(photo: Tim Gouw)

Envy has always existed. I remember even lunch boxes had an entire social rating system all their own. I grew up in NYC and attended public school. And I remember being most envious of the kids with the highest grades, and the best singing voice. These days, even our youngest grade school kids are taught early on to care about how they look and are perceived by others thanks to a little thing known as the Internet

Five-year-old Betsy loves to have her picture taken. But what she loves best is her mom reading to her the reactions from others to her latest outfit and pose.

"It's something we have fun with," explains her mom. "The people that comment are friends."

Seven-year-old May counts up the likes her picture has generated as soon as her mom picks her up at school. "200 is my highest number. But that was my birthday pic."


 (via Burberry)

Off the record, many moms admitted to me the struggle in keeping up with the latest kids fashions and having each picture they take "post-able." "You have some moms and even dads who buy their kids only the most expensive brands like Burberry and Ralph Lauren...and those pictures generate the most likes."

How are these gorgeous pictures taken so perfectly before school even begins? The answer is that many of these mini-fashionistas have their images caught on other days. Some have been styled and photographed professionally. What was once services for just models and actors, is now open to anyone who can pay the often exorbitant prices.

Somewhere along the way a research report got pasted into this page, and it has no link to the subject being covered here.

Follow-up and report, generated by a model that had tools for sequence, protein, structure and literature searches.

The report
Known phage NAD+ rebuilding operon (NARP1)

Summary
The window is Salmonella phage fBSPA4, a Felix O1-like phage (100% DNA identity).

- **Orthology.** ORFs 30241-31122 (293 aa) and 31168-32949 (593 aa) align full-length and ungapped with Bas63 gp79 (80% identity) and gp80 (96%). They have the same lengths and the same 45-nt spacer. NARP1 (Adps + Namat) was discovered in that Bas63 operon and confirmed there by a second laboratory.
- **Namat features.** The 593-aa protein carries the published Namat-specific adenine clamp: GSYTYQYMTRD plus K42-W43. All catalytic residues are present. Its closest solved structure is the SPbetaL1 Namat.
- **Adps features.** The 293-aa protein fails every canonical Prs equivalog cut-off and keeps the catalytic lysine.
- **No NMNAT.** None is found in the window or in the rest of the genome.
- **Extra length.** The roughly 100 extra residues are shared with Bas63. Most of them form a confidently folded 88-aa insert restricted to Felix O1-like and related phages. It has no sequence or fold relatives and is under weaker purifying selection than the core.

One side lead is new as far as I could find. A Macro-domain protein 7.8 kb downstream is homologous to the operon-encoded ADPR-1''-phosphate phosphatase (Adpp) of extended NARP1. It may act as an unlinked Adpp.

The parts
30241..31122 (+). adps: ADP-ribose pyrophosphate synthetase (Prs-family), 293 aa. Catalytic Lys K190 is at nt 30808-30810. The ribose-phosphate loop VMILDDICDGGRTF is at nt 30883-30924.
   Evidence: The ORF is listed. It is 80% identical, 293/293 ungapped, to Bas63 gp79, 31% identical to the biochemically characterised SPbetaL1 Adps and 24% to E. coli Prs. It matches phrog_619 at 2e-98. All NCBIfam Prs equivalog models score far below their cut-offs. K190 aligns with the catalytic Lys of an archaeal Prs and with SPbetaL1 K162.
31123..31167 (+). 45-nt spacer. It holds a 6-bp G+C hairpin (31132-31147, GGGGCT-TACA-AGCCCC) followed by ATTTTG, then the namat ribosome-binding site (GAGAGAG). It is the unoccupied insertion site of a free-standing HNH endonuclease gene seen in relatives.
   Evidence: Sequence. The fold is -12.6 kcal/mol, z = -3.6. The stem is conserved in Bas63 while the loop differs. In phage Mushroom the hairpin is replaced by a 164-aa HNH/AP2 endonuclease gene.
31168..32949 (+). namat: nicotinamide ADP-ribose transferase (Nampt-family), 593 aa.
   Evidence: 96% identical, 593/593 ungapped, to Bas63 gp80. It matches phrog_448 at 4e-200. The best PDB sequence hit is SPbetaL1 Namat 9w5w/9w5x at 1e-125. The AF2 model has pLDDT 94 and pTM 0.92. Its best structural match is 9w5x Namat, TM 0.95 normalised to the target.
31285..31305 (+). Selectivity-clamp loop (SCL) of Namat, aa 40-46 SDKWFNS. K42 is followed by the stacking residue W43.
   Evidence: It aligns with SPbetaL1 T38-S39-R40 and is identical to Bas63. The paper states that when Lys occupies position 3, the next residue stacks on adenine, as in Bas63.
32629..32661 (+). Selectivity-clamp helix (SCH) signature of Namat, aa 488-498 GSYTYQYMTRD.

(via Ralph Lauren)

These services start at a few hundred and can go up to $800 plus. What do you get for this? Perfectly posed, dressed and sharp looking photos to be envied by all of cyberspace. So are we doomed as a society when even our youngest members are caring about mass approval ratings? When children as young as three years old pucker up their lips and take selfies? Or is this just harmless fun equal to watching mindless Saturday Cartoons together?

We now have the first generation who has never known life without a cell phone. Is this advancing us or adding to our superficialness? Only the future will tell. In the meantime, mix it up a bit and have them play outside, a candid photo of pure joy will score high in smile ratings!

 (photo: Adele D'Man)


Adele D’Man
About The Author

Contributing Writer